EXAMPLE VII A blend of the particle form polymer of Example II with .2 percent by weight of zinc stearate was tested in the machine and in the same manner as that in connection with Example VI. The product produced was not suitable for testing.
EXAMPLE VIII A quantity of the particle form polymer of Example II was extruded in the machine in the same manner as described in connection with Example VI, with no processability additive. The product was unsuitable for testing.
In this application, pre-compounding is used to define a method of incorporating an additive into the thermoplastic by working to the degree that the thermoplastic is plasticized. By dry-blending is meant a method of incorporating an additive Without appreciable softening of the polymer, by mixing with discrete particles of the polymer. When pre-compounding, no -diluent for the glycerol is needed. When using ordinary mixing, such as tumbling, it is preferred that the amount of diluent should be 50 to percent by weight of the glycerol, that is from a ratio of 1 part by weight of diluent to 2 parts by weight of glycerol, to equal parts of diluent and glycerol. Larger amounts of alcohol can be used but generally serve no useful purpose. Smaller amounts of` diluent may suflice if morefintensive methods of dry-blending are used.
Reasonable variation and modification are possible within the scope of my invention which sets forth extrusion compositions, a process for making extrusion compositions and a process for extruding low melt index thermoplastic materials.
I claim: 1. A process for forming an elongated article, comprising the steps of:
incorporating into a thermoplastic composition an amount of glycerol in the range of 1A to 3 percent by Weight of said composition;
forcing a plastic melt of said composition containing said glycerol through a long land extrusion zone Eby applying pressure impulses to said melt; and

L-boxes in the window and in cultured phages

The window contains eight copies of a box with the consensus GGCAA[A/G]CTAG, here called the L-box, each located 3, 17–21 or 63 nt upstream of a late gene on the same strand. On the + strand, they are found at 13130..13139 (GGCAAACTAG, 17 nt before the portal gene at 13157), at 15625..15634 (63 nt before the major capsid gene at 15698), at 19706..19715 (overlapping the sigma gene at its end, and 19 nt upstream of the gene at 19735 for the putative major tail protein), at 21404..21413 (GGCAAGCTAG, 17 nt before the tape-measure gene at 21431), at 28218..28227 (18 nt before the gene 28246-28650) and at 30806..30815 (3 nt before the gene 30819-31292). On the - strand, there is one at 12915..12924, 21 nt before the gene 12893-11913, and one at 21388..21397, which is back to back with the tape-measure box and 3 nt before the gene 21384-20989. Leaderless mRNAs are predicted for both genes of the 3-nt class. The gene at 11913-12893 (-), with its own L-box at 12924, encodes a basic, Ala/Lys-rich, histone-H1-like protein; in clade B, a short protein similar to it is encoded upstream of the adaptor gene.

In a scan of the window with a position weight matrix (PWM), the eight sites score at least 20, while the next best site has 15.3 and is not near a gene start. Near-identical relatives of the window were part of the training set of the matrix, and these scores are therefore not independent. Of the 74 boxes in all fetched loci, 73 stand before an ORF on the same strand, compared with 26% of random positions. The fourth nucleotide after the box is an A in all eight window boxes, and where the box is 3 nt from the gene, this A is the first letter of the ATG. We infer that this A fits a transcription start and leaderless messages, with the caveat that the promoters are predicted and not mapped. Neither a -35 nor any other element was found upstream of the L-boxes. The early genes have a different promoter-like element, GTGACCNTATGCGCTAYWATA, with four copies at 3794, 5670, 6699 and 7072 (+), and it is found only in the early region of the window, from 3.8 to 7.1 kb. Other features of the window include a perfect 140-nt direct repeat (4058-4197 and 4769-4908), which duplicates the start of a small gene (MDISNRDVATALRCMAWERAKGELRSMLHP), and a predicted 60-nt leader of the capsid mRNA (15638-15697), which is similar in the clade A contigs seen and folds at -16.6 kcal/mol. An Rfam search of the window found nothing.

maintaining a smoothly decreasingtemperature gradient along said zone to solidify said melt prior to removal from said zone.
2. The process of claim 1, wherein said thermoplastic composition comprises a particle form polyethylene polymer.
3. An extrusion process, comprising the steps of:
forcing through a long land extrusion zone by applying pressure impulses thereto, a melt of a thermoplastic composition having incorporated therewith an amount of glycerol in the range of 1A to 3 percent by weight of said composition; and
maintaining a smoothly decreasing temperature gradient along said zone to solidify said melt prior to removal from said zone.
4. The process of claim 3, wherein said thermoplastic composition comprises a particle form polyethylene polymer.
References Cited UNITED STATES PATENTS 2,980,964 4/1961 Dilke 260-33.4 3,083,410 4/1963 McGlamery 264-294 3,206,419 9/1965 Pritchard et al 260-33.4
FOREIGN PATENTS 889,478 2/ 1962 Great Britain.
OTHER REFERENCES Doolittle, A.K.: The Technology of Solvents and Plasticizers, N.Y., John Wiley and Sons, Inc., 1954, p. 172-3. Plastics Engineering Handbook, N.Y., John B. Watkins Co., 1954, p. 255, 272-3 and 332.
, Renfrew, A. et al.: Polyethene, N.Y., Interscience Publishers Inc., 1960, p. 410 and 513-15.
ROBERT F. WHITE, Primary Examiner.
C. AUVILLE, Assistant Examiner.
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|U.S. Classification||264/211, 264/209.7|
|International Classification||C08K5/053, B29C47/36, C08L23/06, B29C47/50, B29C47/54, B29C47/12, B29C47/20, B29C47/00|
|Cooperative Classification||B29C47/36, B29C47/54, B29C47/20, B29C47/368, C08K5/053, C08L23/06, B29C47/12, B29C47/0023|
|European Classification||C08K5/053, B29C47/36L6, B29C47/36, B29C47/54, B29C47/20, B29C47/12|